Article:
United Kingdom. Therapeutic doses of both unfractionated and low molecular weight heparins can inhibit the secretion of aldosterone, causing an increase in plasma potassium which may be clinically significant. Certain types of patients seem to be more susceptible to the suppression of aldosterone secretion, such as those with diabetes mellitus, chronic renal failure, pre-existing acidosis, raised plasma potassium, or those taking potassium sparing drugs. The risk appears to increase with the duration of therapy. Plasma potassium should be measured in patients at risk before starting heparin and monitored regularly thereafter, particularly if heparin is continued for more than 7 days.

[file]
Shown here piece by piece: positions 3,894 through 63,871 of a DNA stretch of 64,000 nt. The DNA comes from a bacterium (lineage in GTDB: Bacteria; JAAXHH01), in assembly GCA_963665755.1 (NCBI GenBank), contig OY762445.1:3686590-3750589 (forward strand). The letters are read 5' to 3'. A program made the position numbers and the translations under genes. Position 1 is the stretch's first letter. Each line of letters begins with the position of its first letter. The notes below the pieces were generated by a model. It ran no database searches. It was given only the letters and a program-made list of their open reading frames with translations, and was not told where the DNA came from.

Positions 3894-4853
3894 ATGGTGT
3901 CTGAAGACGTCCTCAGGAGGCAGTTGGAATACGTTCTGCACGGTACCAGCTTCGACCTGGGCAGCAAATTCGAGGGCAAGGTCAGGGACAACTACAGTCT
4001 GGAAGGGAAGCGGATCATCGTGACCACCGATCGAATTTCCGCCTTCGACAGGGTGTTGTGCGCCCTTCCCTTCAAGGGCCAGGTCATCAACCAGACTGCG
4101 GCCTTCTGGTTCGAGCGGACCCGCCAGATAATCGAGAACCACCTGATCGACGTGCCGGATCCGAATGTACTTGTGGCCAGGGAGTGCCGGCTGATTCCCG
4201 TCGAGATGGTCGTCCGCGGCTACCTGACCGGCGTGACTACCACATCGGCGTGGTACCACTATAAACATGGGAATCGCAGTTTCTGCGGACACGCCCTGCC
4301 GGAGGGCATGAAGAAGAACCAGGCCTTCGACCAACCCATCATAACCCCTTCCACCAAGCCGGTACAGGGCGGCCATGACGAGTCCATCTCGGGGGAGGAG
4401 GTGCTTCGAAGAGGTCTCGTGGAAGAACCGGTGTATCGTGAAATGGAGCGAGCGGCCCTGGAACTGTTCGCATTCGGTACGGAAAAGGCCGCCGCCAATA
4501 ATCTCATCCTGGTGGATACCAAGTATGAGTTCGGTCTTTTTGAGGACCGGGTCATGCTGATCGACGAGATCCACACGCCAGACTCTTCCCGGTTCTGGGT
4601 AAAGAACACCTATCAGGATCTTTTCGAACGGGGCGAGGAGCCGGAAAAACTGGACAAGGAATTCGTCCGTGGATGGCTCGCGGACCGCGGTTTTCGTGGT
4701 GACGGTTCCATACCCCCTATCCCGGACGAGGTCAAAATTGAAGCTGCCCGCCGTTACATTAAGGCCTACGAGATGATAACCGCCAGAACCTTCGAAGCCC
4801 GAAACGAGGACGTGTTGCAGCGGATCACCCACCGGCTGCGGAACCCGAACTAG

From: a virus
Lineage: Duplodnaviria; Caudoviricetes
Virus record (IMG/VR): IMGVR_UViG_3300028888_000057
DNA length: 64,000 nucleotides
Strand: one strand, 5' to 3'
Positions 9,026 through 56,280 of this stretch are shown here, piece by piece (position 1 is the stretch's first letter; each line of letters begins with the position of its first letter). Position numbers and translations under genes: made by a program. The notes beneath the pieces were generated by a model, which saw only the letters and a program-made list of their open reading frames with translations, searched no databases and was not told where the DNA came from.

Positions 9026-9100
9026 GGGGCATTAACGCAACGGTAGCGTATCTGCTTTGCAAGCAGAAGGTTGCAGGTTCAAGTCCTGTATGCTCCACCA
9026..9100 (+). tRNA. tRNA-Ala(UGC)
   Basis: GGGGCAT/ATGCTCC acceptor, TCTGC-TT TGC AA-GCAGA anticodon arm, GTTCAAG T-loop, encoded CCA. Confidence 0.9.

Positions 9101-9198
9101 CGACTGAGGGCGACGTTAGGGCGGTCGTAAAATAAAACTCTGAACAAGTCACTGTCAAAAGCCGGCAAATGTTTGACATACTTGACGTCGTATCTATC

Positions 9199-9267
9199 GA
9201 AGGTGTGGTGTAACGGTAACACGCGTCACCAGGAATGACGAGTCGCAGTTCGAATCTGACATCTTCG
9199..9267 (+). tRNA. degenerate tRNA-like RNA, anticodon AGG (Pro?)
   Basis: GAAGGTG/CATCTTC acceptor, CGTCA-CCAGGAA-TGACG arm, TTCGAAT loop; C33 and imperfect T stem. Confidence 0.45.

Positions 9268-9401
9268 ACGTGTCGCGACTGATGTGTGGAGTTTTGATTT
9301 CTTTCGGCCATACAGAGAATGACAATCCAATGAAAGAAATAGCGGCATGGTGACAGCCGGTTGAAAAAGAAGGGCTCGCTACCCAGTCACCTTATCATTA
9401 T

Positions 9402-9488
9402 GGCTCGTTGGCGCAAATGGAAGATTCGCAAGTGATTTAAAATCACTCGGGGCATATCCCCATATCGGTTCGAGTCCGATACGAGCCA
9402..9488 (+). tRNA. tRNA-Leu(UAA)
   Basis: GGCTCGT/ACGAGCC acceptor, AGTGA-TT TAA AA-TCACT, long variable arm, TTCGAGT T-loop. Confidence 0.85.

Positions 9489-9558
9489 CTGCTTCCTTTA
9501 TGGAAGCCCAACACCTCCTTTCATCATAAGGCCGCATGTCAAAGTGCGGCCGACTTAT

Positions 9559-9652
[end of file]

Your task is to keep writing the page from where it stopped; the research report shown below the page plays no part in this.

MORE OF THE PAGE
The product information for heparin is being updated to reflect this new advice.
[See also Pharmaceuticals Newsletter No.1, January 1991]
1) Current Problems in Pharmacovigilance Vol. 25, March 1999.
2) Oster JR, Singer I, & Fishman LM. Heparin-induced aldosterone suppression and hyperkalemia. American Journal of Medicine 98: 575-586 (1995).
3) Monreal M, Lafoz E, Salvador R et al. Adverse effects of three different forms of heparin therapy: thrombocytopenia, increased transaminases, and hyperkalaemia. European Journal of Clinical Pharmacology 37: 415-418 (1989).